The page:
With Facebook facing new fraud complaints about how it uses personal data, Stanford computer science professor and online privacy expert Monica Lam has an important message for Canada teens and their parents: Be careful about how you use Facebook because you may be giving away your privacy and empowering teen marketers without even knowing it.
Lam has identified four ways that activity on Facebook can damage your privacy and even impact future college admissions and job prospects:
1. GIVING UP RIGHTS TO PERSONAL CONTENT
Facebook actually “owns” any family photos, messages, and unique ideas that you create and post on the site or via its app.
2. EMPOWERING MARKETERS BY “LIKING” THINGS
With its “likes” functionality, Facebook allows marketers to target you based on the people and things you associate with yourself. Every time you like something, you are giving a bit of privacy away.
3. SHARING INFORMATION ABOUT FRIENDS
By using Facebook to login to other websites, you’re unknowingly sharing much of your friends’ private and valuable data with third parties (and your friends could be sharing your data, too).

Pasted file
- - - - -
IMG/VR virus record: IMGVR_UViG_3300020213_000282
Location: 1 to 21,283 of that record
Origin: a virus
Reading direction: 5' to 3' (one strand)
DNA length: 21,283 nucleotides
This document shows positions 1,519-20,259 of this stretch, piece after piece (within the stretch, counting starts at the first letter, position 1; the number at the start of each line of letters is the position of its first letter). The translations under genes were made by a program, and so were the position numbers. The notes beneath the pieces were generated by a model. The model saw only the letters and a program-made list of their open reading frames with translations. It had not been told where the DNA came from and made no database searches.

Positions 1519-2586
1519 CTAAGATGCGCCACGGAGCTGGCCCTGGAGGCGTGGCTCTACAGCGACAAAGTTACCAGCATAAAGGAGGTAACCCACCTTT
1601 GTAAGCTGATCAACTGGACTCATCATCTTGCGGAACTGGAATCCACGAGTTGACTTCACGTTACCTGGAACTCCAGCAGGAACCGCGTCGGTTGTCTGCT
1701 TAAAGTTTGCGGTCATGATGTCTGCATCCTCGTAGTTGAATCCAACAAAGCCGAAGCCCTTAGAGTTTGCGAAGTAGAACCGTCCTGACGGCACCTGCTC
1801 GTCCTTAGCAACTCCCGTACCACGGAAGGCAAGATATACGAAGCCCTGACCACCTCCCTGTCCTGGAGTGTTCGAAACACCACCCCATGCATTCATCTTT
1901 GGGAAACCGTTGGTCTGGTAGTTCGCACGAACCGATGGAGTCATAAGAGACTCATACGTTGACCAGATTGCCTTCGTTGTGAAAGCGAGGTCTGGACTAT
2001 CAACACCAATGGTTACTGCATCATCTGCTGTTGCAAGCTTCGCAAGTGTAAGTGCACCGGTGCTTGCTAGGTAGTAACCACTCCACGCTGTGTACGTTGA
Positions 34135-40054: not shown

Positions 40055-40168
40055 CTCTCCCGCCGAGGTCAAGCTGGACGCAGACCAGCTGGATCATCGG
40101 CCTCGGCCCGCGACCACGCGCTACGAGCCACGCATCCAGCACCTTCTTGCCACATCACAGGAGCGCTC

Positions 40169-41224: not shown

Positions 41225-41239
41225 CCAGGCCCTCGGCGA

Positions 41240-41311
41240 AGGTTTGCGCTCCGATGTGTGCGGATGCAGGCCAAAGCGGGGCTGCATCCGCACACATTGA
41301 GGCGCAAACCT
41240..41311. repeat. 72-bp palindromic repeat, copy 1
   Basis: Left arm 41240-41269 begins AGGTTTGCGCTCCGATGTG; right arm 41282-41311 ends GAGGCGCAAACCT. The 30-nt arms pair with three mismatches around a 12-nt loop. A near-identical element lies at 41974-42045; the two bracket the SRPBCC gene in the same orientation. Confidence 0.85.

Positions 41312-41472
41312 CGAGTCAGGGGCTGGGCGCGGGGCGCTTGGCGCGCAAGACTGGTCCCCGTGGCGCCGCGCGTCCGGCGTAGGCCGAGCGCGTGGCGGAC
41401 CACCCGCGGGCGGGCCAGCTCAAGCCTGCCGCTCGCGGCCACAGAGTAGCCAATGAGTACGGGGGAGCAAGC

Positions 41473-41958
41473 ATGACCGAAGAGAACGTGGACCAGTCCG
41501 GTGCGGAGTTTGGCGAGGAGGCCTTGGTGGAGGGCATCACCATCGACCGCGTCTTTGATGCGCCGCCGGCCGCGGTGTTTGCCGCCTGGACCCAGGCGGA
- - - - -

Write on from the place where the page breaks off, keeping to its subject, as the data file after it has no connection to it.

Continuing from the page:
4. TAKING QUIZZES THAT STORE PERSONAL PREFERENCES
Any time you take a Facebook quiz, you’re potentially making public a little bit more about yourself and your personal tendencies.
As an alternative to social networking and messaging services that store and monetize your personal information, Lam has created the Omlet chat app [www.omlet.me] — a fun messaging app that allows teens and their parents to easily chat with friends, share photos, post videos, take quizzes, and express themselves without fear of their data being sold or breached.
Using Omlet, teens retain complete ownership and ultimate control of their personal data and can choose to store their data wherever they like (including using popular services like Dropbox).